UNITED NATIONS, July 16 (Xinhua) -- Marie Chatardova, president of the UN Economic and Social Council (ECOSOC), said Monday that progress is not going fast enough to realize the 2030 Sustainable Development Goals (SDGs).
"We all agreed that the time for action is now," she said at the high-level segment of the High-level Political Forum on Sustainable Development, stressing that "progress is not going fast enough to realize the goals by 2030."
Reviewing a number of challenges, she said that, while extreme poverty is a third of its 1990 value, 10.9 percent of the world's population live below the poverty line.
There are also more undernourished people today than in 2016. From last week's debates, it is evident that "major disparities in achievements exist," both within and between countries, with least developed countries, landlocked developing countries and small island developing states lagging in achieving almost all targets, and middle-income countries facing their own challenges, she said.
At the same time, however, "new ways of making policies are taking root in such areas as energy, cities, sustainable consumption and production and sustainable use of terrestrial ecosystems," Chatardova added.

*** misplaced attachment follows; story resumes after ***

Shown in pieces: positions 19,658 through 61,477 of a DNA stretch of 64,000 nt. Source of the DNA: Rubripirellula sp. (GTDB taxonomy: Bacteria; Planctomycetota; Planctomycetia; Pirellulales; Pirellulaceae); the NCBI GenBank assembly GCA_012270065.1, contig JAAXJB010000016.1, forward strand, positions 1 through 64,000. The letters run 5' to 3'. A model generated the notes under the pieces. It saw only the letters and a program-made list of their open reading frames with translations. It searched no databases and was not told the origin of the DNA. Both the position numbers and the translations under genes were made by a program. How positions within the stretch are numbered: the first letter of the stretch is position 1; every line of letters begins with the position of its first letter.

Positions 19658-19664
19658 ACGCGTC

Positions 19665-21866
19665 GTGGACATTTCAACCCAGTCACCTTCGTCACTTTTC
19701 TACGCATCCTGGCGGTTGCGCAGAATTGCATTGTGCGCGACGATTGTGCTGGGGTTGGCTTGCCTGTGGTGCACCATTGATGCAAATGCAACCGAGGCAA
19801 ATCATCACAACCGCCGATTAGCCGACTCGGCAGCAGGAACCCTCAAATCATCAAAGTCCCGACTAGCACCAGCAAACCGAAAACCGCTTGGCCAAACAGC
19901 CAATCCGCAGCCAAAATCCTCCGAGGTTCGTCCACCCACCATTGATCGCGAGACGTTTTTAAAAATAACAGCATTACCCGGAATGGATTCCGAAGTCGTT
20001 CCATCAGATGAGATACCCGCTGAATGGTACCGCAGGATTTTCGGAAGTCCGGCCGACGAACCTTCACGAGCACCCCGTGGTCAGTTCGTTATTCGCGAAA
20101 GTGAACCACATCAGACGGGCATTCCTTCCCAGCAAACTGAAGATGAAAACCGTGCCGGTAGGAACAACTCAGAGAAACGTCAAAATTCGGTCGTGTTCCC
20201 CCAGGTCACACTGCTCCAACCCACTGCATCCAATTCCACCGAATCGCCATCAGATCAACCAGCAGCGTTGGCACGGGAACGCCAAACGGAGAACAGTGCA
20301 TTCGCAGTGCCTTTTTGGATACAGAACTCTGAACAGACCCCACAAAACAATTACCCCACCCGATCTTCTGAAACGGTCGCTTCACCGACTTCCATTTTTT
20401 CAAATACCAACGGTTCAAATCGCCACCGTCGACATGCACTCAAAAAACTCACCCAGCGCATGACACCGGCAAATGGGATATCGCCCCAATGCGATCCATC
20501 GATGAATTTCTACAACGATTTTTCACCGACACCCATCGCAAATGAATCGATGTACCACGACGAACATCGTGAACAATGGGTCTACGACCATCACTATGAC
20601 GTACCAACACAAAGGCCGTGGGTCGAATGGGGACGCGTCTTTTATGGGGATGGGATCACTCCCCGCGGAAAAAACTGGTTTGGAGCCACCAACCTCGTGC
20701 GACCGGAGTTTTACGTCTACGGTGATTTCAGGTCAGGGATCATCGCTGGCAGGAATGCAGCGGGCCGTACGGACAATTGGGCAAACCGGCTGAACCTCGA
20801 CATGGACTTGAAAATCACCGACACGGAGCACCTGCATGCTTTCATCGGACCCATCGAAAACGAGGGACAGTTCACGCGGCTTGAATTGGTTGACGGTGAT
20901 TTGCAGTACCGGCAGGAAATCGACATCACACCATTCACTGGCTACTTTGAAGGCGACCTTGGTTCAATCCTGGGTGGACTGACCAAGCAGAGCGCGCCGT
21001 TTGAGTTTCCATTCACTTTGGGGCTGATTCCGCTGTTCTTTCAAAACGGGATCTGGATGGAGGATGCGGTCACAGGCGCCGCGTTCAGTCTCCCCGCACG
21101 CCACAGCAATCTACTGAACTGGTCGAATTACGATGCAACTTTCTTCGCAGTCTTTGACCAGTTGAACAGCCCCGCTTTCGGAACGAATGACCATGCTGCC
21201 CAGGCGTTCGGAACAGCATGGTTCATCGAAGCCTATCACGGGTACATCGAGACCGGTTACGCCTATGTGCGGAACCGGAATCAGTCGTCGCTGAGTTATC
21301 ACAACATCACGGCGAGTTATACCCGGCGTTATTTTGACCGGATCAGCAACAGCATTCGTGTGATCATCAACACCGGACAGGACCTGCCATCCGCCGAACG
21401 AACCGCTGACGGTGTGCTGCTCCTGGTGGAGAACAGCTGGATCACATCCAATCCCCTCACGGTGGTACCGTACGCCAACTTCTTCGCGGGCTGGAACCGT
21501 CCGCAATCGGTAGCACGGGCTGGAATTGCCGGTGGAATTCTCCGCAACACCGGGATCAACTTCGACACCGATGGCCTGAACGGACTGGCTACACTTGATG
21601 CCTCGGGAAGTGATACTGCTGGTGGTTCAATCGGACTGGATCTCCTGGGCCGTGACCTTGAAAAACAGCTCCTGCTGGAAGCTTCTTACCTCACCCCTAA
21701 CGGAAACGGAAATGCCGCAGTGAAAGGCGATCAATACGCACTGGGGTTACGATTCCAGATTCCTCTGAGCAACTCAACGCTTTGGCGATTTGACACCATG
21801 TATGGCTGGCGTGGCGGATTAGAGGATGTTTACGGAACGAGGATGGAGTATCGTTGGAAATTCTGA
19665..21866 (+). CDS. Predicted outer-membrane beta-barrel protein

Emphasizing the need to maintain the same level of energy in the 12 years ahead, she said heads of state and government should reaffirm their commitment to the 2030 Agenda on Sustainable Development next year when the forum meets under the auspices of the General Assembly.
"We must engage the whole of society in our efforts," she said, underscoring the importance of engaging major groups and stakeholders, including the business sector and leaders in the world of science, technology and innovation.
Much could be learned from the voluntary national reviews to be presented this week by 46 member states setting out how they are implementing the 2030 Agenda, she said.
A strong message from those reports is that the 2030 Agenda, while enjoying support at high levels of government, must be promoted in local contexts, alongside a strengthening of the institutional capacities of all key stakeholders, said the ECOSOC president.
Other challenges include strengthening the role of evidence-based statistics and policy making, stronger public institutions for mitigating climate change and disaster impact, and enhancing productive capacity to develop economic resilience, she noted.
A high-level segment of the forum on Thursday will include a discussion on long-term projections and scenarios on advancing sustainable development and leveraging new technologies for the goals, said Chatardova.
The forum, which would take stock of progress on the Sustainable Development Goals, and conclude on July 18, kicked off on June 9 at the UN headquarters in New York. More than 80 ministers and vice ministers, as well as 2,500 non-state actors, would be attending the 8-day forum.